A Mankato veteran said he’s fully recovered from open heart surgery last fall, but recovering financially has proven more challenging after years of battling the government.

Joe Steck said he applied for Social Security disability when he first became ill eleven years ago and was denied over and over. However, he got some good news recently.

“The federal government had overturned the Minnesota judges ruling that I wasn’t disabled at the time,” he explained.

And a judge said on Wednesday that he was confused by the repeated denials of those benefits. Steck said, “The judge said, ‘I don’t understand why this was denied before because it was evident you couldn’t do anything for an extended period of time.'”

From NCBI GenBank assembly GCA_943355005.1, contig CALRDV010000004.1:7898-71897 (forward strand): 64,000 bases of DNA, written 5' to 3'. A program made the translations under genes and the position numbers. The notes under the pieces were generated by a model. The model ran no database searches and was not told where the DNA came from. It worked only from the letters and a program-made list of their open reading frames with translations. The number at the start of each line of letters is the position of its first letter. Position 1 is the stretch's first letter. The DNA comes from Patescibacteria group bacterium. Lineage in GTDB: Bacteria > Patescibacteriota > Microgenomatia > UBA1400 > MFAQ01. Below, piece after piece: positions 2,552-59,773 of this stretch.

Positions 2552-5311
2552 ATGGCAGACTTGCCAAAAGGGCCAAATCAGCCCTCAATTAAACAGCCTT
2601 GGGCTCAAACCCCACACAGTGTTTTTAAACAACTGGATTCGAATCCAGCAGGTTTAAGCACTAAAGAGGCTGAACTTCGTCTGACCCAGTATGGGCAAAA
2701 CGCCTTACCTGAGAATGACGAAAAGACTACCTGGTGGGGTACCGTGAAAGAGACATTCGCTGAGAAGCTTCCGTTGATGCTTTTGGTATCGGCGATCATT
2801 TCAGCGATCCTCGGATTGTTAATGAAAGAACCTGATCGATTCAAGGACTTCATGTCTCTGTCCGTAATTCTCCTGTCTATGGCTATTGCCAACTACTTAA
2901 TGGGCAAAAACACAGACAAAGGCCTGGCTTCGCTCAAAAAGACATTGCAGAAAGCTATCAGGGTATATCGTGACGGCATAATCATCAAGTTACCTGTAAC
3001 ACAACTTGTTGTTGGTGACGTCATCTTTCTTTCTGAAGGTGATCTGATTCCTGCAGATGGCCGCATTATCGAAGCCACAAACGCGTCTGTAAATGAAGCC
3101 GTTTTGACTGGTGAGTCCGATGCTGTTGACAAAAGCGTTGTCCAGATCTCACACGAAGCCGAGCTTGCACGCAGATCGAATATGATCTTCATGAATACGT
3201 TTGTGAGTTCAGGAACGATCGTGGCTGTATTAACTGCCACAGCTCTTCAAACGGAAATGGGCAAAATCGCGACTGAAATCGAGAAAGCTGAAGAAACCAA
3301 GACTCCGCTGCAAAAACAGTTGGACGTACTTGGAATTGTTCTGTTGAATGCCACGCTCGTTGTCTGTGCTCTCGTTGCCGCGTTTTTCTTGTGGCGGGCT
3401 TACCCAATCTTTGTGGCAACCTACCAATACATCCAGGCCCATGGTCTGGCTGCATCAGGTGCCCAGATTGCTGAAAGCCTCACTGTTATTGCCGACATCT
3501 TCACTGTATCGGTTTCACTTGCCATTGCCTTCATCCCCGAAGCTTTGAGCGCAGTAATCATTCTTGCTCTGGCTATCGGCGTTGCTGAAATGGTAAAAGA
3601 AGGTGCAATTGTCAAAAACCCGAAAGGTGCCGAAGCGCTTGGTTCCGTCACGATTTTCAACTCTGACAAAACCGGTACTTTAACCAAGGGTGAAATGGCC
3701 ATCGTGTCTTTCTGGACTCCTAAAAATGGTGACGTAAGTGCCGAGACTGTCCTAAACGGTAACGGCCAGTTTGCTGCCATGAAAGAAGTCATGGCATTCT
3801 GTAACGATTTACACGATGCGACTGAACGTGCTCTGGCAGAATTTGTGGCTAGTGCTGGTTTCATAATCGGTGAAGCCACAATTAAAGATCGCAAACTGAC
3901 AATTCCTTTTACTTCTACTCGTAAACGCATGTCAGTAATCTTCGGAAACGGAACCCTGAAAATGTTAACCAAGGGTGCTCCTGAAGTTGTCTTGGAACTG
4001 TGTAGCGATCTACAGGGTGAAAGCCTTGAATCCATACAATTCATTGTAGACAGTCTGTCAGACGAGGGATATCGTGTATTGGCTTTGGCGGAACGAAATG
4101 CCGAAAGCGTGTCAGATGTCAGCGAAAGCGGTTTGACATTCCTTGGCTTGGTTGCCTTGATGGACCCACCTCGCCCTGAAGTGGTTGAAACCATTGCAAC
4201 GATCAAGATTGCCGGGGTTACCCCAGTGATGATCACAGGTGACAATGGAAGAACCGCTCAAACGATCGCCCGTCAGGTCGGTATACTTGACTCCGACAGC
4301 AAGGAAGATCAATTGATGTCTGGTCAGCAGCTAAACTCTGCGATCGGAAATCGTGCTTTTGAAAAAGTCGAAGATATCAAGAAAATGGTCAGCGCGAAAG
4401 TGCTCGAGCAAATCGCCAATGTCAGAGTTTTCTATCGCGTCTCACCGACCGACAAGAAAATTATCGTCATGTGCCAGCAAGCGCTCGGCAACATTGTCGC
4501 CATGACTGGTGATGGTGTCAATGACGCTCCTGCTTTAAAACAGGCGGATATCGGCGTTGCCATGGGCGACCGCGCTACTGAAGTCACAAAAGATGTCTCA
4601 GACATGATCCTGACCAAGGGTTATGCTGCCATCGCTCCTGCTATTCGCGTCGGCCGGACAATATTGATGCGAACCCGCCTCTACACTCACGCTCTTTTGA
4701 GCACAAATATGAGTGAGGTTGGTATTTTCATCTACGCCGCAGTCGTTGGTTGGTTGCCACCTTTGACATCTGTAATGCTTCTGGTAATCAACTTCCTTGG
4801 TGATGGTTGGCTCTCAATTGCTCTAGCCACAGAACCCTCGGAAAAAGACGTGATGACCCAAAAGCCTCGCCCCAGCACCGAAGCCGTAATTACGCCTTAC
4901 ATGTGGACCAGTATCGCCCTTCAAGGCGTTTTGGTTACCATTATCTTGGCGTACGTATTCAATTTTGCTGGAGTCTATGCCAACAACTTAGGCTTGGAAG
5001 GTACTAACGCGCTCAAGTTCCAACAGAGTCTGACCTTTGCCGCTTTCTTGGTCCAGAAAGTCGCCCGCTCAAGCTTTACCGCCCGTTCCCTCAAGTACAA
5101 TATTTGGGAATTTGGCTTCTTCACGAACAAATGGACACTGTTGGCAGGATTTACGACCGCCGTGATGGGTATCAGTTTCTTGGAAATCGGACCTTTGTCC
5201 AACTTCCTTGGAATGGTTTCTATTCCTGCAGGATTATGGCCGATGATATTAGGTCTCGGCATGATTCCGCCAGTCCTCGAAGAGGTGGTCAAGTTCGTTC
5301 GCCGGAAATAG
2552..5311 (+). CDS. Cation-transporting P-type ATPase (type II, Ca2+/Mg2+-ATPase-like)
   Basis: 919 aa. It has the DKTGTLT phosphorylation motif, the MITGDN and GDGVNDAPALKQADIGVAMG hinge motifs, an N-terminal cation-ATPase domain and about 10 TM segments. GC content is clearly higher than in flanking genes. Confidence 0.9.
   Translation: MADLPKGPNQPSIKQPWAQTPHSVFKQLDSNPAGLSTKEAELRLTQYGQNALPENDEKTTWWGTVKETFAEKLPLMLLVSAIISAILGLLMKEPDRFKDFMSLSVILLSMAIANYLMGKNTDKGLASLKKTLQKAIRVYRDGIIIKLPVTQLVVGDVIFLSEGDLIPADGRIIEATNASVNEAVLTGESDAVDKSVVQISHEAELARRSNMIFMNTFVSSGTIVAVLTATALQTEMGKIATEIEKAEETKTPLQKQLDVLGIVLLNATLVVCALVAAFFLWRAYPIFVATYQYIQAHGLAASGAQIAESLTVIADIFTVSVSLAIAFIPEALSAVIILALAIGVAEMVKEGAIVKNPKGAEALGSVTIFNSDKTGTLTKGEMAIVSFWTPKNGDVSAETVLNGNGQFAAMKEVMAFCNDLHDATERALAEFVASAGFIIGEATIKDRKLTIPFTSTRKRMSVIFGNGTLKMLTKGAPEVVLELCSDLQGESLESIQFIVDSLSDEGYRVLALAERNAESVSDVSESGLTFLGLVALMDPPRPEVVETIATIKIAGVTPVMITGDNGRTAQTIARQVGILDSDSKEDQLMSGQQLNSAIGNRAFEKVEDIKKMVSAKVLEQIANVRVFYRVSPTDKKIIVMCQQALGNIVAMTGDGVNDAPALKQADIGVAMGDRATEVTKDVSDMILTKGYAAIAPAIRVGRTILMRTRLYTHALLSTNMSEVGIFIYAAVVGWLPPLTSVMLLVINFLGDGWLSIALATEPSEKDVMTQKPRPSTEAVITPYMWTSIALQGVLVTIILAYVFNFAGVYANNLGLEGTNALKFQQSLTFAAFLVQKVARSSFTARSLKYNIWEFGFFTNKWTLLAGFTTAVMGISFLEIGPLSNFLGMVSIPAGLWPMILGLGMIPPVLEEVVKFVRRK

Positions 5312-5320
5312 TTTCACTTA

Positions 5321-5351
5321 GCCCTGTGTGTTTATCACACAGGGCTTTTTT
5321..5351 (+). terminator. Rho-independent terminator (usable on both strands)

Before he became ill, Steck said he was fully prepared for his later years and, “Had disability insurance, I had savings, I had retirement plans, I had health insurance. All of those resources just got exhausted so I ended up having to turn to the government and the government failed me.”

It’s not the first time Steck has had to battle a government agency. His heart problem was misdiagnosed by the VA as panic attacks around 4 years ago, and after a series of heart attacks and surgery, he said he also had to fight to get the appropriate aftercare as well.

He is hoping to see reforms that lead the government to better care for the nation’s veterans.

Steck served in the Air Force from 1980 to 1984 as an in-flight refueling specialist. He also was in the National Guard as a medical platoon officer and infantry officer from 1984 until 1990.